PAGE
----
Korean Nukes Linked to Japanese Pinball

Sunday, December 03, 2006

By CARL FREIRE, Associated Press Writer

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TOKYO — Gambling at pachinko was a lot more fun for Reiko Kuzuhara until she began to wonder whether maybe _ just maybe _ her losses were helping North Korea build nuclear weapons.

Pachinko, a form of pinball deeply loved in Japan, is an industry run by ethnic Koreans, and experts have long believed that the revenues are a vital source of hard currency for the impoverished regime in North Korea.

Now, as Kim Jong Il's nuclear weapons program gathers pace, Japan's attitude is hardening, and that includes shutting out the ferry on which money is believed to be hand-carried from Japan to North Korea.

"I really don't like that the money I spend could be helping them with those sorts of things," said Kuzuhara, 55, who works in the printing industry and was interviewed on a Tokyo street near several pachinko parlors. "It's making me think twice and cut back on how often I play."

The pachinko connection is facing increased scrutiny as tensions rise following North Korea's ballistic missile tests in July and its first test of a nuclear device on Oct. 9.

Pachinko is an upright pinball game played at tens of thousands of brightly lit parlors across the country. Success is measured in little steel payoff balls, which can be exchanged for cash or other prizes.

The machines rake in over $200 billion a year, some of which finds its way to North Korea. Official figures put the sum of remittances from sources in Japan at $25.5 million, but the bookkeeping is murky and some think the sum is closer to $850 million a year. No one knows how much of it derives directly from pachinko.

"It's very difficult to say how much cash is actually going from Japan to the North," said Toshio Miyatsuka, a North Korea specialist at Yamanashi Gakuin University in central Japan who has written a book about the pachinko industry.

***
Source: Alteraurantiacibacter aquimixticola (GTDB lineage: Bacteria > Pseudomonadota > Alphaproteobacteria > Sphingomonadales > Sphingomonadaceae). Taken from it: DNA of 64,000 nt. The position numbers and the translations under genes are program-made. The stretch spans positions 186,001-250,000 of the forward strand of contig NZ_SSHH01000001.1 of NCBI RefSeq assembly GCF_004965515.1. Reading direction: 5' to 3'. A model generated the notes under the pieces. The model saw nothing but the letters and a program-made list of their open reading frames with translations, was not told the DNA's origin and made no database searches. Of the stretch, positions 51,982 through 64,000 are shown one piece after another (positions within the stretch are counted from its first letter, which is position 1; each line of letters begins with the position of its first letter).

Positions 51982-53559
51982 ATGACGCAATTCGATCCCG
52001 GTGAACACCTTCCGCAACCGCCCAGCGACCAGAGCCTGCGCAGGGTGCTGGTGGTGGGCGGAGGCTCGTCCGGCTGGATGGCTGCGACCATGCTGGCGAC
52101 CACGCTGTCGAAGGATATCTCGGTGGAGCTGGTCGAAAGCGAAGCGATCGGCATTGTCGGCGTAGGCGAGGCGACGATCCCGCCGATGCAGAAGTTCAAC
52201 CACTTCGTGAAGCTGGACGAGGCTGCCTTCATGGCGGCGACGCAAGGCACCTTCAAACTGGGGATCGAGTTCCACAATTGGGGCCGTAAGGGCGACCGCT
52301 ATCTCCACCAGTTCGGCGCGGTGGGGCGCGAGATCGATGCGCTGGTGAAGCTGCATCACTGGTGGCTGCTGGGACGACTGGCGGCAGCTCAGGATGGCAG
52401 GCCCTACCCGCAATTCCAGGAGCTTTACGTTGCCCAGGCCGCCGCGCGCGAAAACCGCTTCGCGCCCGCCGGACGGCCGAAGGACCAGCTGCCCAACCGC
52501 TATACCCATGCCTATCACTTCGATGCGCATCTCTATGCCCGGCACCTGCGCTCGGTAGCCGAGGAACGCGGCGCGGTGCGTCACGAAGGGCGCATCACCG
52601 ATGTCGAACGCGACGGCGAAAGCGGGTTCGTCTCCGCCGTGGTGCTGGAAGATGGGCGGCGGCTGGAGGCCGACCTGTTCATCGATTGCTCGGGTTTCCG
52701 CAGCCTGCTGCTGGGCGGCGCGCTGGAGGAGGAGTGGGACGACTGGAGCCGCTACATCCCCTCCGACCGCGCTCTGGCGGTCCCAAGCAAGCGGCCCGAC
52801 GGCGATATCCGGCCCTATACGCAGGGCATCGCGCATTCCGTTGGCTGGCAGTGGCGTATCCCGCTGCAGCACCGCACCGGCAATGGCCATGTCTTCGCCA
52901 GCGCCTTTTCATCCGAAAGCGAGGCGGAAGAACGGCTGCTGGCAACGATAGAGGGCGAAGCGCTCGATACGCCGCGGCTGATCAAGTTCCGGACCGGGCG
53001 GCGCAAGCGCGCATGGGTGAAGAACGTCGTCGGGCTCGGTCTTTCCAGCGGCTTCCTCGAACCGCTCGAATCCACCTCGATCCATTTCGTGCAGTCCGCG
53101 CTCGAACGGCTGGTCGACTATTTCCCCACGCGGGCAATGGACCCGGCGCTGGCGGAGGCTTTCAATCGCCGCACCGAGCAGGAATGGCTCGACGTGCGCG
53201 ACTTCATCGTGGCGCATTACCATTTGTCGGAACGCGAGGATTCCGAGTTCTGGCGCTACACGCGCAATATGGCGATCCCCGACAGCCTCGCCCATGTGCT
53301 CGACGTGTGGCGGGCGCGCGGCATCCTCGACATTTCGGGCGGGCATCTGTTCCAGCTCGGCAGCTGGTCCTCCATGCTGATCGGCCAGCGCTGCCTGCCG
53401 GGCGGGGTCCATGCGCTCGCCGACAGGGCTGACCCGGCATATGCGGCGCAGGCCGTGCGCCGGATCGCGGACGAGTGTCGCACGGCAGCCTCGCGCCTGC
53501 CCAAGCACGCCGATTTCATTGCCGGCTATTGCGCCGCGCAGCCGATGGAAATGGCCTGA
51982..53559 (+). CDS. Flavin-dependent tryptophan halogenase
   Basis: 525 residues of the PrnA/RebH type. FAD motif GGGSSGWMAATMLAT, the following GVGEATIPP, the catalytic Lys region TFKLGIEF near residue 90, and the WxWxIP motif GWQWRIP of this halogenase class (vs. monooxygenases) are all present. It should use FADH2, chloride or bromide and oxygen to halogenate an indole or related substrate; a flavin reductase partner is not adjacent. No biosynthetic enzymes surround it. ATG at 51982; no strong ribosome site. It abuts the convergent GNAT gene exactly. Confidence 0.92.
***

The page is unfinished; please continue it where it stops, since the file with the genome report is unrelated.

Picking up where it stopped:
"But it does seem certain that a lot of it is winding up in the hands of the North Korean government and military, and that includes money earned from drugs and pachinko," he added.

The Ministry of Finance only requires sums going to North Korea to be reported if they top $2.55 million in wire transfers or $85,120 in hand-delivered cash.

Japanese government records show that of $25.5 million sent from Japan to North Korea during the 2005 fiscal year, more than 90 percent was hand-delivered.

The banning of the Mangyongbong ferry from Japanese ports in July has almost certainly put a crimp in the cash flow.

Government officials, however, say it's hard to track money delivered through third countries, in person or through bank accounts. Cash from the drug trade traveling through Japan's underworld is likewise hard to monitor.

Officials in the pachinko industry say North Korea's image problems and the sanctions have not been a business issue.

While ethnic Koreans may worry about how relatives in the North are faring without the cash they used to take to them, their main concerns as businessmen lie elsewhere.

"Yes, there are a lot of ethnic Korean operators, but the industry is not at all concerned about the sanctions issue," said Takaaki Sasaki, spokesman for Zennichiyuren, an industry organization. "We're not hearing about anyone losing business because of the missiles or the nuclear test."

Still, the connection between pinball revenues and North Korea makes some Japanese pachinko players uneasy.

"I used to play frequently, but I don't go so often anymore," Kuzuhara said. "I really don't want North Korea using my money for bombs."

Copyright 2006 The Associated Press. All rights reserved. This material may not be published, broadcast, rewritten or redistributed.

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